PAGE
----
Teagasc encourages glyphosate use – linked to Parkinson’s, infertility and cancers

I am not comfortable that a state agency here in Ireland actively encourages the use of Glyphosate, the active ingredient in Roundup. This was mailed out to their client base in the last month. 


As reports by Reuters in April 2013 a peer-reviewed report expressed strong concerns on the health impact of this chemical

The peer-reviewed report, published last week in the scientific journal Entropy, said evidence indicates that residues of “glyphosate,” the chief ingredient in Roundup weed killer, which is sprayed over millions of acres of crops, has been found in food.

Those residues enhance the damaging effects of other food-borne chemical residues and toxins in the environment to disrupt normal body functions and induce disease, according to the report, authored by Stephanie Seneff, a research scientist at the Massachusetts Institute of Technology, and Anthony Samsel, a retired science consultant from Arthur D. Little, Inc. Samsel is a former private environmental government contractor as well as a member of the Union of Concerned Scientists.

In 2009 Scientific America published the results of findings showing that Roundup’s inert ingredients can kill human cells, particularly embryonic, placental and umbilical cord cells.

From Wikipedia:  Glyphosate (N-(phosphonomethyl)glycine) is a broad-spectrum systemic herbicide used to kill weeds, especially annual broadleaf weeds and grasses known to compete with commercial crops grown around the globe. It was discovered to be a herbicide by Monsanto chemist John E. Franz in 1970.[3] Monsanto brought it to market in the 1970s under the trade name “Roundup”, and Monsanto’s last commercially relevant United States patent expired in 2000.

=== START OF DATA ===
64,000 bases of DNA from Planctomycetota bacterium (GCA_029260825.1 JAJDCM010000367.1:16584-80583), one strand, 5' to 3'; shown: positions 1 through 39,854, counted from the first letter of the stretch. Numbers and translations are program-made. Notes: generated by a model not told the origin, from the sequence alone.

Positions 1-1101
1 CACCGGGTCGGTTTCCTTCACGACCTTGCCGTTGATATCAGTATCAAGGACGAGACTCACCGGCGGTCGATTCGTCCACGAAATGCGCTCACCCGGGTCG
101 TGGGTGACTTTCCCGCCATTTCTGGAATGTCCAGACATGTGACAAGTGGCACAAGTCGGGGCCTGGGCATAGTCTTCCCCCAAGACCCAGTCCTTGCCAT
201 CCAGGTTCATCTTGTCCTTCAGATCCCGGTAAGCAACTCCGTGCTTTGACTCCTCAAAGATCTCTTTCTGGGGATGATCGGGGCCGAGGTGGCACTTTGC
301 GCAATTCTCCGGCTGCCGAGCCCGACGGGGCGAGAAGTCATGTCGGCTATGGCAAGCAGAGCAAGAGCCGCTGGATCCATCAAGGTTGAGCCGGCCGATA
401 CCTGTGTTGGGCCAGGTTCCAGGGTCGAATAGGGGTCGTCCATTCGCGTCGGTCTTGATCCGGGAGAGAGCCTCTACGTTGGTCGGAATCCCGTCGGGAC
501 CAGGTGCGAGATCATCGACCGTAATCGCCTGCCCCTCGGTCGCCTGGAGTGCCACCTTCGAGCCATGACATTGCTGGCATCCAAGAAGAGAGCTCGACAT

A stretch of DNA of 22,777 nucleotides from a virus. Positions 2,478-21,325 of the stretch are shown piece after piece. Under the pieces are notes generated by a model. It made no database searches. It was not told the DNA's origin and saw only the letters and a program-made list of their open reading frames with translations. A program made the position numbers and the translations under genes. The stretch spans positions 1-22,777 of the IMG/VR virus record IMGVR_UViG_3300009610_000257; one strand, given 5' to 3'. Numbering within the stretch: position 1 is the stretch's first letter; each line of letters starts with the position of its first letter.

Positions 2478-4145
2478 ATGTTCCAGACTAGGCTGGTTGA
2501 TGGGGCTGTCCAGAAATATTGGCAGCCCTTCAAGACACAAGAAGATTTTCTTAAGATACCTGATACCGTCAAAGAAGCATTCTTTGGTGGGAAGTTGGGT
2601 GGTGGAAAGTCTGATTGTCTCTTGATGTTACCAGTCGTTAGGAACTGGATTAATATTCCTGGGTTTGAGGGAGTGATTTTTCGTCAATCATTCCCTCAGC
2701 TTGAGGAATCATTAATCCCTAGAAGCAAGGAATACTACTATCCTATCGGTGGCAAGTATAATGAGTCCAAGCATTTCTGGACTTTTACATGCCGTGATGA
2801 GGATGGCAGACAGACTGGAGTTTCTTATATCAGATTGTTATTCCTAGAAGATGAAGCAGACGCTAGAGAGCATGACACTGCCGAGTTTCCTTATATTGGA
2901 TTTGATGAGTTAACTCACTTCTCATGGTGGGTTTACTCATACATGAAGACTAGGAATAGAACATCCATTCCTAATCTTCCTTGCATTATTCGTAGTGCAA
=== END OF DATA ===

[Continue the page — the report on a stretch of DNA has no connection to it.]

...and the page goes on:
2 thoughts on “Teagasc encourages glyphosate use – linked to Parkinson’s, infertility and cancers

  1. Teagasc loves roundup (agent orange?), I came across their leaflet describing the production of biomass willow a few years ago and could not believe how many applications of roundup they deemed necessary for a native species that grows so readily from cuttings stuck directly in unprepared soil without any suppression of established vegetation (weeds?). The certainty that roundup is not a good idea for us humans has been around for a long time but so many people rely on its miraculous properties to keep nature in control without the necessary hard physical work I guess they do not want to know. I have a neighbour here in Leitrim whose only notion of gardening is spraying roundup on his 1 acre site and the portion of lane alongside it every few months, it looks like a post-nuclear landscape but some lovely weeds flower in the middle still. One’s relationship with nature in the form of weeds and slugs (here) or perhaps rabbits (in the south-east) is an interesting subject I think, I care to believe that there are nicer, more holistic paths to try and negotiate, I’m sure you do too.
    Great site !

  2. I stopped reading anything Teagasc related a few years ago when it became clear that they were about big ag and not about producing good food. This leaflet is further evidence of that. It is quite unsettling that this is coming from a state agency, but many similar agencies worldwide are focused on how to feed our ever-expanding population rather than on nourishing them. I think we’re at a peak of life-expectancy – due to poor nutrition people people are dying younger. Hopefully the focus will soon move to quality over quantity.

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